Karen Thornber named faculty director of Bok Center

Karen Thornber.

Karen Thornber.

Photo by Martha Stewart

3 min read

Karen Thornber, the Harry Tuchman Levin Professor in Literature, will be the next Richard L. Menschel Faculty Director of the Derek Bok Center for Teaching and Learning, Hopi Hoekstra, Edgerley Dean of the Faculty of Arts and Sciences, announced today. Thornber begins her role July 1.

“Karen is a global scholar, an innovative and passionate teacher, and an experienced academic leader,” Hoekstra wrote in a message to faculty and staff. “In a moment when excellence in pedagogy will play a critical role in advancing FAS priorities — from promoting civil discourse in the classroom to harnessing the opportunities offered by artificial intelligence — I could not be more excited to have her in this critically important role.”

Thornber, who earned her Ph.D. in EALC from Harvard in 2006, succeeds Robert Lue, the inaugural faculty director of the Bok Center from February 2013 until his passing in November 2020. The Bok Center works with faculty, graduate students, undergraduates, and postdocs, to identify and implement the most effective, evidence-based practice strategies for transformational teaching and learning in today’s rapidly changing educational environment.

“At a time when, as President Emerita Drew Faust highlighted in her May 2024 Phi Beta Kappa Oratory, universities are under ‘genuine and existential threat’ and ‘much is at stake in how and what we teach,’ it is imperative that we re-center academics and more actively promote intellectual exploration at Harvard,” Thornber said. “I look forward to working with Bok Center staff and partners across the FAS, the university, and beyond to create teaching and learning environments where all can flourish and that best prepare students for lives and careers of service, innovation, and leadership, nationally and globally.”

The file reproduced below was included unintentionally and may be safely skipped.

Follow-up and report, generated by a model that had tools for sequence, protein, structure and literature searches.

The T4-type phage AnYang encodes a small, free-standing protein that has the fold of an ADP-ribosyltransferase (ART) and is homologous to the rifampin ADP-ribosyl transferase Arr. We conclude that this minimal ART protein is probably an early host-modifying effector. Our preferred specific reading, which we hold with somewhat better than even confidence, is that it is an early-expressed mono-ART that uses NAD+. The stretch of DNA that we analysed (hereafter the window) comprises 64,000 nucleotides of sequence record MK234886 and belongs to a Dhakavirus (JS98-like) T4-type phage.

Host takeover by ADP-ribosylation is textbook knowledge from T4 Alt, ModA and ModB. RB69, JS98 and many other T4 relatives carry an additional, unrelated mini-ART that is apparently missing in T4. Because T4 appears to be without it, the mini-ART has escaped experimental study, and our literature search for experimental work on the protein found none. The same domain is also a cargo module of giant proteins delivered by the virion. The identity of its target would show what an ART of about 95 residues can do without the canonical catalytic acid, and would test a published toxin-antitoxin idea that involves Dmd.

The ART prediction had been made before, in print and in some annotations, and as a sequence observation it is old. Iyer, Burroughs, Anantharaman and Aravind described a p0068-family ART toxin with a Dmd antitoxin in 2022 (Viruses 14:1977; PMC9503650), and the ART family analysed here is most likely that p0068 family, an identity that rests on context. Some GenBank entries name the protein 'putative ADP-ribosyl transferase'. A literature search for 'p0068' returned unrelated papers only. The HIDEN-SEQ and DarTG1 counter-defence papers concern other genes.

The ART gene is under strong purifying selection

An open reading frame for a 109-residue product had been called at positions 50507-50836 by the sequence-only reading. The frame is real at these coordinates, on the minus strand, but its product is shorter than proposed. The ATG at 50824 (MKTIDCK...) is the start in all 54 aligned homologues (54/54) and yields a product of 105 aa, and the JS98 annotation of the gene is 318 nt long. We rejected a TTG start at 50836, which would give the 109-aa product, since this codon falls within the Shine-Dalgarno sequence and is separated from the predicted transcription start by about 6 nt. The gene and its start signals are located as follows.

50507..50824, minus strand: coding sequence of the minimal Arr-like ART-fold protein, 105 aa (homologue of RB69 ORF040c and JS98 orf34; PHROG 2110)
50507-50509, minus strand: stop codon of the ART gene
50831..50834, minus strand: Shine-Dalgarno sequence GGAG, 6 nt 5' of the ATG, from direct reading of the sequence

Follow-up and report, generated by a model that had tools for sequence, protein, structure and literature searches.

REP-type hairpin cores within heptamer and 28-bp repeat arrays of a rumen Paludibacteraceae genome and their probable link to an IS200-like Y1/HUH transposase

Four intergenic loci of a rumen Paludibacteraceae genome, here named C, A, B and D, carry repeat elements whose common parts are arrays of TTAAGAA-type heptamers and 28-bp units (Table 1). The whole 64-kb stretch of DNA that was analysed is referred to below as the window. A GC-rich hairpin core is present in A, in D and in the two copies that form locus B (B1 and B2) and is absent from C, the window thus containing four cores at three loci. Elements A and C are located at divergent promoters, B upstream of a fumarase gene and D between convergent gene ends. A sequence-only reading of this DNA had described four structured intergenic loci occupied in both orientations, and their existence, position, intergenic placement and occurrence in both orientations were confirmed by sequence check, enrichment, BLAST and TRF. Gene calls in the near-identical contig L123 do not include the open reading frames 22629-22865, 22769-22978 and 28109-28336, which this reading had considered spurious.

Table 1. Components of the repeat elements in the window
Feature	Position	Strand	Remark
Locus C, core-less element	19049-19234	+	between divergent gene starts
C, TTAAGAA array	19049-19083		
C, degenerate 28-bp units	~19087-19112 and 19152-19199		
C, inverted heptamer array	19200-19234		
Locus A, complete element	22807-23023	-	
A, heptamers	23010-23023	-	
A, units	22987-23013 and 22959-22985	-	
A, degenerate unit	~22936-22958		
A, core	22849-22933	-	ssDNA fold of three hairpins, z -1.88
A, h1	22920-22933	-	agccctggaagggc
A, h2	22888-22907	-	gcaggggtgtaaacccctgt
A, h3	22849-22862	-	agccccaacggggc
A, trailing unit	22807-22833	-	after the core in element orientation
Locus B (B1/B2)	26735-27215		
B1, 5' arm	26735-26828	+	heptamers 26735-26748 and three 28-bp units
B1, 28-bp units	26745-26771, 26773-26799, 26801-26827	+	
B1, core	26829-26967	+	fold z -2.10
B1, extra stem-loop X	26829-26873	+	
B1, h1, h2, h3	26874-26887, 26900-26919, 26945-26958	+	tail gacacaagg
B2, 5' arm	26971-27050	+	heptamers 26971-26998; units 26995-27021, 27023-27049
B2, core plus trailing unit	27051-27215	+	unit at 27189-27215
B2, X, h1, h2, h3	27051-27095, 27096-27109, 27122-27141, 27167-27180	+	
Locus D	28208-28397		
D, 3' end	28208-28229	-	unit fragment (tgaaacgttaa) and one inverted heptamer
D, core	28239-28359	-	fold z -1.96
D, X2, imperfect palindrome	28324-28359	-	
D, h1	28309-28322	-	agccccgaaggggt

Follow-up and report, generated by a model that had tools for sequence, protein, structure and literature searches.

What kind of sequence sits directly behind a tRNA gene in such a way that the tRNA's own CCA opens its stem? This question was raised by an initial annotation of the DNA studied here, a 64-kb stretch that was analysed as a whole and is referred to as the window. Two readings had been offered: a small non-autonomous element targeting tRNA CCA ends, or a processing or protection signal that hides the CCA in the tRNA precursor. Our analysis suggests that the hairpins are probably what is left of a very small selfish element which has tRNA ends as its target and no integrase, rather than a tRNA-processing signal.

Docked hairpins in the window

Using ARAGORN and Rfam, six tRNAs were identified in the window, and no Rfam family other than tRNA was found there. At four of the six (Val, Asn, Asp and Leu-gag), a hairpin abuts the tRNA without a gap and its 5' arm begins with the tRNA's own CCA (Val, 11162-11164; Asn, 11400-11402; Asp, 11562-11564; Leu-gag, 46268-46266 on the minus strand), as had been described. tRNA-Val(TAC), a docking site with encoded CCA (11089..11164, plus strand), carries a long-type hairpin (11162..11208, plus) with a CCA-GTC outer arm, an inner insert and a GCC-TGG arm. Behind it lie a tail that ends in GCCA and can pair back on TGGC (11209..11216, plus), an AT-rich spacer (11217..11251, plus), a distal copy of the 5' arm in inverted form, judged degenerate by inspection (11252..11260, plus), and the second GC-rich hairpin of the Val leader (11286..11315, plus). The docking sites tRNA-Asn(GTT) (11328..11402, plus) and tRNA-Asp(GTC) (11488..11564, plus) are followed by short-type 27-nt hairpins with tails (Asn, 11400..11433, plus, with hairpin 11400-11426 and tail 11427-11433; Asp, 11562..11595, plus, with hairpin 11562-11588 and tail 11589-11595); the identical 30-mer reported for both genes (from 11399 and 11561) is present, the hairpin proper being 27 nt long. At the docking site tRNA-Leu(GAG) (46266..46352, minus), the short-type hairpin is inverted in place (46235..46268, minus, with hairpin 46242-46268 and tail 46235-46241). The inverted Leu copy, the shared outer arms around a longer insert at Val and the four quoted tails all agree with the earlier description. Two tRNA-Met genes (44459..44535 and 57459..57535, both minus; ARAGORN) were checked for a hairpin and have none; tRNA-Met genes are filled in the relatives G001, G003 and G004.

Thornber’s research and teaching spans the medical and health humanities, the environmental humanities, gender justice, indigeneities, and transculturation as these fields relate to world literatures and the literatures and cultures of East, South, and Southeast Asia as well as Africa, Europe, and North America. Working in multiple East and South Asian as well as European languages, she has authored four major scholarly monographs including the recent Gender Justice and Contemporary Asian Literatures and Global Healing: Literature, Advocacy Care,” edited an additional four scholarly volumes, including “Global Indigeneities and the Environment” and published more than 80 academic articles. She is also the award-winning translator of Japanese writer Tōge Sankichi’s “Poems of the Atomic Bomb,” excerpts of which she read for Empress Michiko of Japan in 2015.

An innovative teacher and mentor, Thornber has taught a range of courses at Harvard, from first-year seminars on gender justice and literatures of pandemics and general education classes on mental health and other types of disease, illness, and health globally to graduate-level seminars on migration, translation, and transculturation. Thornber has served on the dissertation committees of nearly 60 Ph.D. students across 10 humanities and social sciences departments at Harvard. She also teaches in Harvard’s Division of Continuing Education (DCE) where she received the Commendation for Distinguished Teaching.